Blade Runner is a film very dear to both myself and Alexander alike. From the first time we met, it quickly became apparent that we hold a mutual love for this cult sci- fi classic, and its magnificent new counterpart- we spent a fair amount of time discussing our favourite scenes at length, excitedly relaying theories, and basking in the simple pleasure of finding someone with a shared passion. It therefore seemed inevitable that we’d decide upon a shoot that payed homage to Blade Runner, a project that would be both technical and challenging.
For those of you who aren’t familiar with Blade Runner, it’s essentially one of THE greatest movies you will ever see (that’s not me being biased, at all). The film’s premise is pretty straight forward; Harrison Ford plays the role of Deckard, aka a Blade Runner. Blade Runners are assigned to eliminate replicants (androids) that take the form of human beings. Four replicants take part in a bloody mutiny on the Off-World colony, so Deckard is forced out of retirement to track them down. Whilst embarking upon this assignment, Deckard also meets another replicant named Rachel, who manages to evoke a sense of human emotion despite her lack of ‘humanity’. Deckard’s encounters with Rachel, and indeed the leader of the replicant group, begins to lead Deckard to question his own identity in this dystopian world, and what it actually means to be human.
There are very few films that have proved as influential as Ridley Scott’s 1982 masterpiece, especially in terms of visual aesthetics. Its sprawling vision of the future, coupled with its existential musings, construct a signature style that can not only translate successfully on screen, but also through the sphere of photography. We therefore wanted to use Blade Runner as our inspiration for this shoot, rather than attempting to recreate scenes from the film itself. The distinctive cinematography of Blade Runner, in its neon-noir splendour, would offer plenty of scope for this venture, as well as its considerations of the human psyche.
Our backdrop for our shoot would this time be China Town in the heart of Manchester City Centre. Here we could explore the juxtaposition between heavily textured imagery and urban decay; strong, directional use of light would be integral to composing our scenes effectively, with the help of reflectors. Neon lighting would create a sharp contrast with dark areas of the frame, resulting in a defined, layered image.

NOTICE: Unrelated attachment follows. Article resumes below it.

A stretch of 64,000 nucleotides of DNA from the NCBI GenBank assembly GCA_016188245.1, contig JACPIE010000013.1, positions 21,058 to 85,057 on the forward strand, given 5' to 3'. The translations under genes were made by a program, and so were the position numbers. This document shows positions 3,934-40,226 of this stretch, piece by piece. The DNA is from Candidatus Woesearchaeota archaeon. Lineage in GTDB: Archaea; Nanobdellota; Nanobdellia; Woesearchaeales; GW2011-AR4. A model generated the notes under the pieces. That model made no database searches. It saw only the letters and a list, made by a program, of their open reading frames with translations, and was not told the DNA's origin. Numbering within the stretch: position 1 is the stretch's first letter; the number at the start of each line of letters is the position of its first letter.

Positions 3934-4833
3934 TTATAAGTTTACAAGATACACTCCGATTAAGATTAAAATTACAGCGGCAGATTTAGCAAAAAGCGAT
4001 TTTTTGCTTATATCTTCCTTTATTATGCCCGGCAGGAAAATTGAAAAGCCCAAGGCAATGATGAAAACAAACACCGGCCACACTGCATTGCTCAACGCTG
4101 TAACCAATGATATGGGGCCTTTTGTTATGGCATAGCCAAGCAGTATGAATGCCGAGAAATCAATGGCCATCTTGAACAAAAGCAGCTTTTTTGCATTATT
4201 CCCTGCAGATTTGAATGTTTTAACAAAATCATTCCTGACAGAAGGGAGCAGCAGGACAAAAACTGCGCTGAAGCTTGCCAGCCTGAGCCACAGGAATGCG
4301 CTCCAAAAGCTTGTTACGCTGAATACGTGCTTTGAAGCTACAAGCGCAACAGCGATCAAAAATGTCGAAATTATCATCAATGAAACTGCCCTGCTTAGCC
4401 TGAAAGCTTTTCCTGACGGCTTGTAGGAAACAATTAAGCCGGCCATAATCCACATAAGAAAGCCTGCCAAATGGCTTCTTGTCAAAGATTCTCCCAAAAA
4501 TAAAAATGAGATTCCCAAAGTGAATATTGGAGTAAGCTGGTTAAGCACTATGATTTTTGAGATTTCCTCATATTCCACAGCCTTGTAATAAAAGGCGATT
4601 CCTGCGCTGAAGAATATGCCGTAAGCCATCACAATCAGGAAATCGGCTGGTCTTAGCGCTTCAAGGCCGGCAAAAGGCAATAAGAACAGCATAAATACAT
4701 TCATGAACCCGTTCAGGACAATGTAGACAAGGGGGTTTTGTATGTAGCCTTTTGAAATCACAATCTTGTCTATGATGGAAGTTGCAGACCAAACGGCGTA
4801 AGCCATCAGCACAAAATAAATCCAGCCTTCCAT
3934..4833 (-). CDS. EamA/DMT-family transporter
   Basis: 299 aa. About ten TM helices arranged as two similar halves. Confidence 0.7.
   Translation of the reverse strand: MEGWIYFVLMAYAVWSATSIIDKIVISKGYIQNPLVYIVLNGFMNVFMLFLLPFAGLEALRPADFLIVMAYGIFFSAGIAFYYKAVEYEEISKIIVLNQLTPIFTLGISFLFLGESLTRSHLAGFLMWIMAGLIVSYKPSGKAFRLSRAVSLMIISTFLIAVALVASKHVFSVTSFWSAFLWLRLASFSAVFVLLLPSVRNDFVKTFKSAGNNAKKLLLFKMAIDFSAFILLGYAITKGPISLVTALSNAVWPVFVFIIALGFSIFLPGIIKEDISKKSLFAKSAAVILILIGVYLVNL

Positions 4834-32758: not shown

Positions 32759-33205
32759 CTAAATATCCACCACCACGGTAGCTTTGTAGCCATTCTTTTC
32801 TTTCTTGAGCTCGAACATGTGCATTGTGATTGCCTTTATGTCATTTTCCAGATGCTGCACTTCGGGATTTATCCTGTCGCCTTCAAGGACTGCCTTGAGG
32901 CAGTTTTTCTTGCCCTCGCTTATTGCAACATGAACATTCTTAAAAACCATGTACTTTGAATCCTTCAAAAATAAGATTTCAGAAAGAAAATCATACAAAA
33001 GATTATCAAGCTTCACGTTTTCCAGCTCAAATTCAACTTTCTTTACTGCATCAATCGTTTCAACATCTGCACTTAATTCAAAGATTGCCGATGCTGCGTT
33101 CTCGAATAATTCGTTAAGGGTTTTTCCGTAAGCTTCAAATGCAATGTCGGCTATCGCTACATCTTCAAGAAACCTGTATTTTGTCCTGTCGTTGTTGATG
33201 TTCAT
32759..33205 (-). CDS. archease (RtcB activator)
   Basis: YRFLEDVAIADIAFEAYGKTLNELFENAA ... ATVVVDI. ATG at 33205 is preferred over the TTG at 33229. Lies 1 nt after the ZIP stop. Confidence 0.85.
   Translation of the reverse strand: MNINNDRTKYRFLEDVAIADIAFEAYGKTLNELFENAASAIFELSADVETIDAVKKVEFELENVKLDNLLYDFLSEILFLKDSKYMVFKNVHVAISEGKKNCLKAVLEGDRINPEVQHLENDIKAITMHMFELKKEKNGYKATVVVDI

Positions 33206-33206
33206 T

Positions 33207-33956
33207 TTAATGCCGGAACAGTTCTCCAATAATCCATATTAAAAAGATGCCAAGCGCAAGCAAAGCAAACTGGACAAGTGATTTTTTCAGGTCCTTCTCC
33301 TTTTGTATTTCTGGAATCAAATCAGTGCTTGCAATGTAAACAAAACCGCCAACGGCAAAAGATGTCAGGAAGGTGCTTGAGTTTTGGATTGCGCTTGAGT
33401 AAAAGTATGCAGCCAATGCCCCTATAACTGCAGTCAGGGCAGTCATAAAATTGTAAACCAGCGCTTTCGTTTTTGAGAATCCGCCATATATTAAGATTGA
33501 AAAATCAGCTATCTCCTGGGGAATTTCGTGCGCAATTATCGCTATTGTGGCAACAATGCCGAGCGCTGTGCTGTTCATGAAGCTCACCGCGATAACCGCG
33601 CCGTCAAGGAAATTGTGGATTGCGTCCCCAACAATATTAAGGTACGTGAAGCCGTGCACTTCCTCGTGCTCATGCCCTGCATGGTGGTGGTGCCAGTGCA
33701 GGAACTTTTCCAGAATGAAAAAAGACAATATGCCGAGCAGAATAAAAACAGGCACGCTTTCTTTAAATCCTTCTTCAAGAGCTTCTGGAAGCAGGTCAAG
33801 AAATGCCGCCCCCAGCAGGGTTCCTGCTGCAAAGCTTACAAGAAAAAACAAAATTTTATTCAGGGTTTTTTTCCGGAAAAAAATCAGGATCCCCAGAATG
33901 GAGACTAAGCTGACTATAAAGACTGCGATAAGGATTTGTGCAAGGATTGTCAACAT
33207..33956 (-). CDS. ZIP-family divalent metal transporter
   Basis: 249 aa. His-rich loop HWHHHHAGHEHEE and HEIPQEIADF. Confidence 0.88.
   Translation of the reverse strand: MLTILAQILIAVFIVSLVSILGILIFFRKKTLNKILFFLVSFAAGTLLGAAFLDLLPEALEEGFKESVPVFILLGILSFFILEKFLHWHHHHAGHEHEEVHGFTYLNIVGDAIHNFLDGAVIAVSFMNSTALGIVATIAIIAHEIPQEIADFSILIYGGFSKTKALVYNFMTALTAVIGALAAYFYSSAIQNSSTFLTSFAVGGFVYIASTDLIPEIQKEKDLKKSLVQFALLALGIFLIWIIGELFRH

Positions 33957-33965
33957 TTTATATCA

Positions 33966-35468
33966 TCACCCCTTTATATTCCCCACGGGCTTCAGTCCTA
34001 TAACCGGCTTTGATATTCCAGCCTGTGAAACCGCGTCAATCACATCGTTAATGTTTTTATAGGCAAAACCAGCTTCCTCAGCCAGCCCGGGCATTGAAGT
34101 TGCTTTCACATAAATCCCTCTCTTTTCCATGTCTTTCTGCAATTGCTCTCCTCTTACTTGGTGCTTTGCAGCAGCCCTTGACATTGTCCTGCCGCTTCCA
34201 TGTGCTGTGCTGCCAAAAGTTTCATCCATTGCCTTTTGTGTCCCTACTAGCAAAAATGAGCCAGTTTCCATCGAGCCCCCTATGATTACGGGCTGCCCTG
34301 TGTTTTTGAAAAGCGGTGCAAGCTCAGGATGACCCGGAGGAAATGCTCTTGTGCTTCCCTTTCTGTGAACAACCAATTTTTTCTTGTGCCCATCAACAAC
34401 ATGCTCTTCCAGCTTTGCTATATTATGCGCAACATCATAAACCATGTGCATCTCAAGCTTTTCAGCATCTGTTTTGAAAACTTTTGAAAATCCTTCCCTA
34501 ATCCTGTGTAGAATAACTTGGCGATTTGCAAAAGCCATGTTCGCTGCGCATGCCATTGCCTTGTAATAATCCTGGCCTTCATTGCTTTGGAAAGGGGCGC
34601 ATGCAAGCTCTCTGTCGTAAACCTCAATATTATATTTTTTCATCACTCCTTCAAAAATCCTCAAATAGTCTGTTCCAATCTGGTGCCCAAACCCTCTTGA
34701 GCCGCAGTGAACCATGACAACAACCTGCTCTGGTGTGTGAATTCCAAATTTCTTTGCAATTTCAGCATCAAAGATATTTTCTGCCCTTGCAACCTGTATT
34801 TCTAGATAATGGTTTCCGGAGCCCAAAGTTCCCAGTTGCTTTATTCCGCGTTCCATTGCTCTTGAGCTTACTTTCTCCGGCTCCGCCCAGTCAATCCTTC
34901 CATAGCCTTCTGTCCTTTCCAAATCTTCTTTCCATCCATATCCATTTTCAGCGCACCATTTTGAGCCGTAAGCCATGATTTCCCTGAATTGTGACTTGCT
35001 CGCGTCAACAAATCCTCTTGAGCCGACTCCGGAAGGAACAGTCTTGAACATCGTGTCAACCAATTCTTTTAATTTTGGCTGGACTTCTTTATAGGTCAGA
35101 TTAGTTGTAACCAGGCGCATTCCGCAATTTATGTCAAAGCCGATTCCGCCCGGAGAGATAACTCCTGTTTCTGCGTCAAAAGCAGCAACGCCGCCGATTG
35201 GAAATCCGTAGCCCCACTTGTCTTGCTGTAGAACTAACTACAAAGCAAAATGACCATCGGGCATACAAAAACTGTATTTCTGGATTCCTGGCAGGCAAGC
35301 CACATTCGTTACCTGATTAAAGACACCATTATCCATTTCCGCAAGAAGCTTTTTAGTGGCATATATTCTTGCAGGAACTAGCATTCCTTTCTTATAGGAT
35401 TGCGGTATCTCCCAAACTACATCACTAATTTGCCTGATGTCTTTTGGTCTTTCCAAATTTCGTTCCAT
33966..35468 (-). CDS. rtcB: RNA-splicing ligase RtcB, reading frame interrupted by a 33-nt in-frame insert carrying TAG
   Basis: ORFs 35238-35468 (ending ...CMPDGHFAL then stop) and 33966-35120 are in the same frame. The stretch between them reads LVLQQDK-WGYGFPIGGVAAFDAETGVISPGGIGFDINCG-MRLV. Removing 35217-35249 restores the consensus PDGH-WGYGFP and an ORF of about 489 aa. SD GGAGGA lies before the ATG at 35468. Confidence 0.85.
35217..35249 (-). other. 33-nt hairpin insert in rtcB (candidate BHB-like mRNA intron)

It was also important to convey Blade Runner’s central trope of artificiality through each frame. My job as the subject would be to extrapolate this narrative, and perform accordingly as a ‘replicant’. Replicants, at least by Ridley Scott’s standards, offer physical indications of their emotional deficiency- I would therefore be working to feign humanness, and exude an air of synthetic ambiguity.
The aim of our shoot was to not only produce images dripping in aesthetic quality, but also encompass a sense of the raw and the provocative. Much like Blade Runner, Alexander’s images do not merely perform as two-dimensional pictures- they possess depth and texture that toy between the peripheries of what is real, and what is not. I can safely say that it has been both a pleasure and honour to work on such a personal project with Alexander, who has proved himself time and time again as an abundantly talented individual.
As per usual, Alexander and I would love to hear your thoughts on this particular venture. Please leave your comments below and let us know what you think.
You can find out more about Alexander’s photography by visiting https://www.alexanderward.com/
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